Reduction in the population of insect can have very wide and far reaching effect on human race as Insects play a vital role in pollinating crops (75% are pollinated by insects) and pest control. The decrease in insect population will also have an effect on the amphibian population that keep the water free of Algae

The quest for ‘green energy’ or renewable source of energy has lead to huge investments in Solar and wind energy. To produce 1mw power by solar energy you need approximately 5 acres of land to be covered by solar panels and the infrastructure. Except in arid areas and desert like environment the solar panels will cover the ground and prevent plants from growing hence this will have significant effect on local insect and bird population, bird population is also affected by the heat reflected by the solar panels. Protagonists of wind energy claim that the effect of windmill on bird population is insignificant, they do accept that in areas that have a high density of birds the effect may be significant.

Thus the dependency of humans on crops and clean water  can be adversely affected to a certain extent by the decrease in insect population and hence the birds and amphibians.

Around one million species of insects and Fifty Thousand species of Spiders have been identified around the world. Around 250 thousand species of Beetles and a similar number of Moths form a large chunk of insects. Approximately 10000 species of Butterflies have been identified around the world. Because of varied topography a large number of these species are found in  India; 50000 species of Insects, of which Butterflies account for about 1500 species, moths account for 10000, species, Beetles for 17500 species. Of the 50000 species of spiders found worldwide India accounts for an estimated 1600 species. New species are added to the numbers every year, unfortunately some species have become extinct and some are on the endangered list with rapid deforestation and urbanisation. In a recent survey conducted in UK indicated that the insect population is decreasing. In UK, the number of beetles, butterflies, bees and wasps has fallen by 60%.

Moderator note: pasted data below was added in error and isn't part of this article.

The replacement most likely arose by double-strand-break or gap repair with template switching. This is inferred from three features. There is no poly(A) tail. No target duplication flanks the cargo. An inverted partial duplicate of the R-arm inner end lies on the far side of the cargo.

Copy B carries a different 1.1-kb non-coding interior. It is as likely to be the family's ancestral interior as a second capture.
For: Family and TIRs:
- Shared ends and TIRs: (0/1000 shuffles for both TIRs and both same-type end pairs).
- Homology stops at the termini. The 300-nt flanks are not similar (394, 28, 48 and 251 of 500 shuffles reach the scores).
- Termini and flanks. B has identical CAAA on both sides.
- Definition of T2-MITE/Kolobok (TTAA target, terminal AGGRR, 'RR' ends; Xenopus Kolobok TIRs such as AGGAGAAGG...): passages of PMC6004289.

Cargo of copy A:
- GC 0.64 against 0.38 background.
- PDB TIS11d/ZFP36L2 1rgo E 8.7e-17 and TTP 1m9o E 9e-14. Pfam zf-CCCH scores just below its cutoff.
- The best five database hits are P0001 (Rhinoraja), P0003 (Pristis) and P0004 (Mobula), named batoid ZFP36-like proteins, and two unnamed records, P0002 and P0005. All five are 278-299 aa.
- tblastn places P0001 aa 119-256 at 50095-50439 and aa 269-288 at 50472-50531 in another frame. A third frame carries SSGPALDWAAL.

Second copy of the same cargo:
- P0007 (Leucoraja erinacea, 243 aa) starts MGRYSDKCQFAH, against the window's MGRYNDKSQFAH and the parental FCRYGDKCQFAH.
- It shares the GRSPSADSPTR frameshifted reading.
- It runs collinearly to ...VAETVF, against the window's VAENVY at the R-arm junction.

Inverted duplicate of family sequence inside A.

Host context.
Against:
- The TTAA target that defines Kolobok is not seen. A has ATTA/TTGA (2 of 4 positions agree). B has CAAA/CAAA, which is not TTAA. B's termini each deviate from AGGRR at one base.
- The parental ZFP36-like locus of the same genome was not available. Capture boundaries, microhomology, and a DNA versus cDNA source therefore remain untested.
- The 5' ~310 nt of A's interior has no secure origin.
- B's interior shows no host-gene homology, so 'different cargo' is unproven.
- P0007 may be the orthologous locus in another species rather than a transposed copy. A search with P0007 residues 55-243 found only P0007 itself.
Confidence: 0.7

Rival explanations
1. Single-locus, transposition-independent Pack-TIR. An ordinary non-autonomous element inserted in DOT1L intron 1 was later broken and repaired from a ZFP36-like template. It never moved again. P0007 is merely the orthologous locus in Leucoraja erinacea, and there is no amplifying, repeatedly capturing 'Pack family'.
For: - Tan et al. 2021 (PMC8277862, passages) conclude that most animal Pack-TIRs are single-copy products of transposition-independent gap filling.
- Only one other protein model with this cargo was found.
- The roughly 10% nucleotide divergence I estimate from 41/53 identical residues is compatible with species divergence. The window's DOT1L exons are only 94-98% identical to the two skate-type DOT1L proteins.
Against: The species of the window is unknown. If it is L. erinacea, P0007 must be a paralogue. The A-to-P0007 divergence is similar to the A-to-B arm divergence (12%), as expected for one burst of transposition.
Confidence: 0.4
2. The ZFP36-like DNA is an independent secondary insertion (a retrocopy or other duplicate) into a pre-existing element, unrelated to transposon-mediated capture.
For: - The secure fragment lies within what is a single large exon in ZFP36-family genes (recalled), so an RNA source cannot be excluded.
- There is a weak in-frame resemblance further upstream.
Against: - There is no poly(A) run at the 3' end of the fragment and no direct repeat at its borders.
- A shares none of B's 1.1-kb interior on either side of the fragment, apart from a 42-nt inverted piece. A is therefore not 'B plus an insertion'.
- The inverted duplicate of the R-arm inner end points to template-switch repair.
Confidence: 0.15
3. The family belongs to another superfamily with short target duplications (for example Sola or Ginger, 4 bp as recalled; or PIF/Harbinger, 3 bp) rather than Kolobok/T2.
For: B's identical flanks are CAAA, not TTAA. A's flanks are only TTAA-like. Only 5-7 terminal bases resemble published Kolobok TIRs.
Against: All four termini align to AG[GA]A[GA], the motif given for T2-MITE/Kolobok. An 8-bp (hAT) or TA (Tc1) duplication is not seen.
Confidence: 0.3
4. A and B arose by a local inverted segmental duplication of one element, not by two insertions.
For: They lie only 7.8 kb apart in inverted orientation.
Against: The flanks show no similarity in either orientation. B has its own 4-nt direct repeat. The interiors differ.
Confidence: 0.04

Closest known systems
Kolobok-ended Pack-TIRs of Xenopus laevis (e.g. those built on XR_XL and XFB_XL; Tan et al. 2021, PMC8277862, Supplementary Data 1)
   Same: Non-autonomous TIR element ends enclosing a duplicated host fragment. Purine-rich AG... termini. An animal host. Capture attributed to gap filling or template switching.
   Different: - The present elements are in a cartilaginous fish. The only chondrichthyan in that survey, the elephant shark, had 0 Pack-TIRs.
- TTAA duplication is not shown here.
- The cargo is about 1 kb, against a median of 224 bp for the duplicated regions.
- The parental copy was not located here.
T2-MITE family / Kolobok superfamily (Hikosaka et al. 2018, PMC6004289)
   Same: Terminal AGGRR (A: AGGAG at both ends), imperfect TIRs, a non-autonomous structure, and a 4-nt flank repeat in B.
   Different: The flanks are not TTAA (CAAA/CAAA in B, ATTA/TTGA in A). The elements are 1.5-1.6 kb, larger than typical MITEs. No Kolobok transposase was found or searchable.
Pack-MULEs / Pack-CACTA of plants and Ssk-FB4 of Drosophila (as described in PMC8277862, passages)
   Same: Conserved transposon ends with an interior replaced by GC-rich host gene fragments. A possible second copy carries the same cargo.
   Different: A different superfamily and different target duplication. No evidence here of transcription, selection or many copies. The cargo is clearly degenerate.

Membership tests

Recent studies have also shown a decline in population of spiders with the increase in temperature and urbanisation

Species Worldwide India
Birds 10245 765
Insects 1 million 50000
Butterflies 18000 1500
Moths 250000 10000
Beetles 350000 17500
Spiders 50000 1600

Some very colourful butterflies and other insects and spiders are still visible in an urban setting in Bangalore. I have had the privilege of identifying and photographing a few in the last few years. I wonder if these species will survive the rapid urbanisation and temperature change.
Sandor Csoori in a poem 'I believed then' has referred to May Beetles as ...........................death doomed guests of the universe;...(5) ; I am sure most of the insects will become '..death doomed guests of the universe..' if we continue our pillage of nature and use of pesticides.

  1. QQuoted in NATURAL SCIENCES : Life Sciences, March 21 2016 09:37
  2. QRoyal Society for the Protection of Birds (RSPB) September 1, 2004
  3. http://www.dailymail.co.uk/news/article-2704973/Insect-population-45-just-35-years-Scientists-fear-drop-harm-planet-vital-role-play.html
  4. QJournal of Entomology and Zoology Studies 2014; 2 (6): 336-339
  5. QInsects, Man and Environment: Who Will Survive?, Joop C. Van Lenteren (https://link.springer.com/chapter/10.1007%2F978-94-011-2904-6_12#page-2)